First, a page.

"Partisanship is not bad," said Gary Jacobson, a professor of political science at the University of California, San Diego, who researches partisan polarisation in Congress. "People have serious disagreements over political fundamentals, goals, principles and so forth, and there is no easy way to meet in the fuzzy centre." Prof Jacobson also said the significance of the partisan gap in Mr Obama's approval ratings has been overstated. He pointed to Mr Clinton's two terms, when the median partisan gap measured by Gallup was 55 percentage points. For Mr Bush, who promised to be a "uniter", the gap at times approached 80 percentage points. "It's much too early to make a big deal about this," Prof Jacobson said of Mr Obama's ratings.

During Mr Reagan's presidency, the median partisan gap was 53 points. For the seven prior presidents, however, the median partisan gap was just 35 points. Many believe the trend has been magnified in recent decades by the disappearance of such crossover political groups as conservative southern Democrats or liberal north-eastern Republicans. Jay Cost, the conservative author of the HorseRaceBlog on, said Mr Obama has not done his part to offset them such trends.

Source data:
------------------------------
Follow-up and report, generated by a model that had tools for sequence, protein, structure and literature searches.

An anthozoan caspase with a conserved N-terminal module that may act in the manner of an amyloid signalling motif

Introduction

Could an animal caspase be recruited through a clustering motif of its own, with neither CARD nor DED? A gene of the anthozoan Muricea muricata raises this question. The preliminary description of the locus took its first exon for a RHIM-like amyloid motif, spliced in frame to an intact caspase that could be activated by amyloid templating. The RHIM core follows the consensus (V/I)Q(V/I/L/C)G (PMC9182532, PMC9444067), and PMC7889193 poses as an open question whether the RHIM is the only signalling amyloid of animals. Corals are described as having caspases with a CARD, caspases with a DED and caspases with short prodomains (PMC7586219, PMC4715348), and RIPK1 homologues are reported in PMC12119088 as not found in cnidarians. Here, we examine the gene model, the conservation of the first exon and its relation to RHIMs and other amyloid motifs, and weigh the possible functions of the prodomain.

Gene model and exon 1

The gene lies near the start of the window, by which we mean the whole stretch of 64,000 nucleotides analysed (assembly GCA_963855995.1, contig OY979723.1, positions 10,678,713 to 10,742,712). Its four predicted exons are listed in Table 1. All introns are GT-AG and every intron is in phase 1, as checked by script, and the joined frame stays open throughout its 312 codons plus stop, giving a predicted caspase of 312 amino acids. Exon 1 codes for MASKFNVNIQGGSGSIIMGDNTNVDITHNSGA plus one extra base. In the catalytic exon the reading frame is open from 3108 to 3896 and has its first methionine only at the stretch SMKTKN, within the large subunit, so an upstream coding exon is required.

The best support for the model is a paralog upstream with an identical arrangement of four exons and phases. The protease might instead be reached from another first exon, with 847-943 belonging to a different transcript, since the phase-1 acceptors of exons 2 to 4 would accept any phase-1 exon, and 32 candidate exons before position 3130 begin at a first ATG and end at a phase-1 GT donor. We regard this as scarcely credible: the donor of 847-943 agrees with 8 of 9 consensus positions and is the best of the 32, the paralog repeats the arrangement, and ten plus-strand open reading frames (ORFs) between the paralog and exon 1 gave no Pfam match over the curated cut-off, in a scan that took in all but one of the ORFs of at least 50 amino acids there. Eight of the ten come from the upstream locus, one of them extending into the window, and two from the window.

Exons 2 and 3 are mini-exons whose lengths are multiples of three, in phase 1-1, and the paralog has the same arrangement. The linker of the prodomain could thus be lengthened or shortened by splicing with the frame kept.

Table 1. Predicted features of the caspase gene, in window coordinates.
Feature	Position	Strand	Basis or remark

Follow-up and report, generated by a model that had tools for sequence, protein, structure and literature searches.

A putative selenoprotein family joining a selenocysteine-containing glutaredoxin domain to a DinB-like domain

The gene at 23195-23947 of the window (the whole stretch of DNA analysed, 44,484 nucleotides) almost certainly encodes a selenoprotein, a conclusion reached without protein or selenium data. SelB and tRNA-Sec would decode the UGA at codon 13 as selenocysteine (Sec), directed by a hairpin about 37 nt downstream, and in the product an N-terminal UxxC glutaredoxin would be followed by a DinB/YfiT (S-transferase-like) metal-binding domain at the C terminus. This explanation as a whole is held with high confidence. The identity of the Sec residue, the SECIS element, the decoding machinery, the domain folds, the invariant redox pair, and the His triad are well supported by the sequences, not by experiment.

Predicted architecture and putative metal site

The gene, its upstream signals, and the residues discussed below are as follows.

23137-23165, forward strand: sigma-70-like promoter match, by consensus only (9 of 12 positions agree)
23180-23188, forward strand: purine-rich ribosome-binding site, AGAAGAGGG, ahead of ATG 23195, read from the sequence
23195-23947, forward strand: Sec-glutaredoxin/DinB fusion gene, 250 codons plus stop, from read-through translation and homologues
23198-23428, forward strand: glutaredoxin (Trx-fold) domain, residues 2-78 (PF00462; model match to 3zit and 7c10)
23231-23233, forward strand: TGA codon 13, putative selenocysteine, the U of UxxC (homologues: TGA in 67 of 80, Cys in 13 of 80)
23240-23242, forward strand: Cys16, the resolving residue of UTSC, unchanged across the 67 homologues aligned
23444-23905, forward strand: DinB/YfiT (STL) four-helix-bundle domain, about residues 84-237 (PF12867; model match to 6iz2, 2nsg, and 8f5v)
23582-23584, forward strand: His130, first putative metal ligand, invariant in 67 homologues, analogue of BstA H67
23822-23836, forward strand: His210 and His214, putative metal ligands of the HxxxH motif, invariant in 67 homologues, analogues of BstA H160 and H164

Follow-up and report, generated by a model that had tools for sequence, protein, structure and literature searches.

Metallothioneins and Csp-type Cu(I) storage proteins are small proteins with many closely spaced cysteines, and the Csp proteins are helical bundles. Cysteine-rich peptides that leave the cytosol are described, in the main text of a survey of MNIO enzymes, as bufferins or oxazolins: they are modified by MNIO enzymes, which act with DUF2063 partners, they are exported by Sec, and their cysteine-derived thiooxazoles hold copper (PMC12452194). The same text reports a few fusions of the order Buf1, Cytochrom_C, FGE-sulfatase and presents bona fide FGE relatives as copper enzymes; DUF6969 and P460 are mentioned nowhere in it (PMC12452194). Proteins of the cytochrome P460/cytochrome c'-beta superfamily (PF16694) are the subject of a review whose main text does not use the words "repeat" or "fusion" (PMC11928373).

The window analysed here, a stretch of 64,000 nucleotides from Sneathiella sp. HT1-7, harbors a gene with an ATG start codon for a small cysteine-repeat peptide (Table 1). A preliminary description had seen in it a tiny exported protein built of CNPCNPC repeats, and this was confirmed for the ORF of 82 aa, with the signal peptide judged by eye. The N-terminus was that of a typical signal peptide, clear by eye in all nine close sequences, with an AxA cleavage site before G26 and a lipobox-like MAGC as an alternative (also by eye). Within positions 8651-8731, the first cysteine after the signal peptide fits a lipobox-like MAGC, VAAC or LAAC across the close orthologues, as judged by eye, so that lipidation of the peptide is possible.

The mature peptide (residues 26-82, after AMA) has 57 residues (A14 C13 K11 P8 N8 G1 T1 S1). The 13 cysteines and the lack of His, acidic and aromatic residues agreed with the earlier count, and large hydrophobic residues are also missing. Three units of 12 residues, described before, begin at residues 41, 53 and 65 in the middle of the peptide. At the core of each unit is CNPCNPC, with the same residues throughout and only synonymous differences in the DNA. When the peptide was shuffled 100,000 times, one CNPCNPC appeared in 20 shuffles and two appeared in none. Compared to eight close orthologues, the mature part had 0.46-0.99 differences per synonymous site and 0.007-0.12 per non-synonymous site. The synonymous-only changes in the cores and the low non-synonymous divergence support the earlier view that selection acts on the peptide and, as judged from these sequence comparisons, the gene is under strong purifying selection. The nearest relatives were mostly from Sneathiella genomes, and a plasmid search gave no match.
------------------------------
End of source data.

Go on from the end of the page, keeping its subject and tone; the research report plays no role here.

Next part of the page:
Mr Cost said Mr Obama routinely mischaracterises Republican positions so he can more easily assail them. Mr Cost took issue with the top-ranking members of Mr Obama's cabinet - including Rahm Emanuel, his chief of staff - when they tried to paint Rush Limbaugh, the controversial conservative talk show host, as the "voice" of the Republican Party. "It's an effort to delegitimise the opposition," Mr Cost said.

Bipartisan or not, Mr Obama enjoys strong approval ratings overall, averaging 61 per cent nationally, according to, which considered data from a variety of pollsters. "If he holds the Democrats and independents like he is doing now, he doesn't have to worry about Republicans," Prof Jacobson said.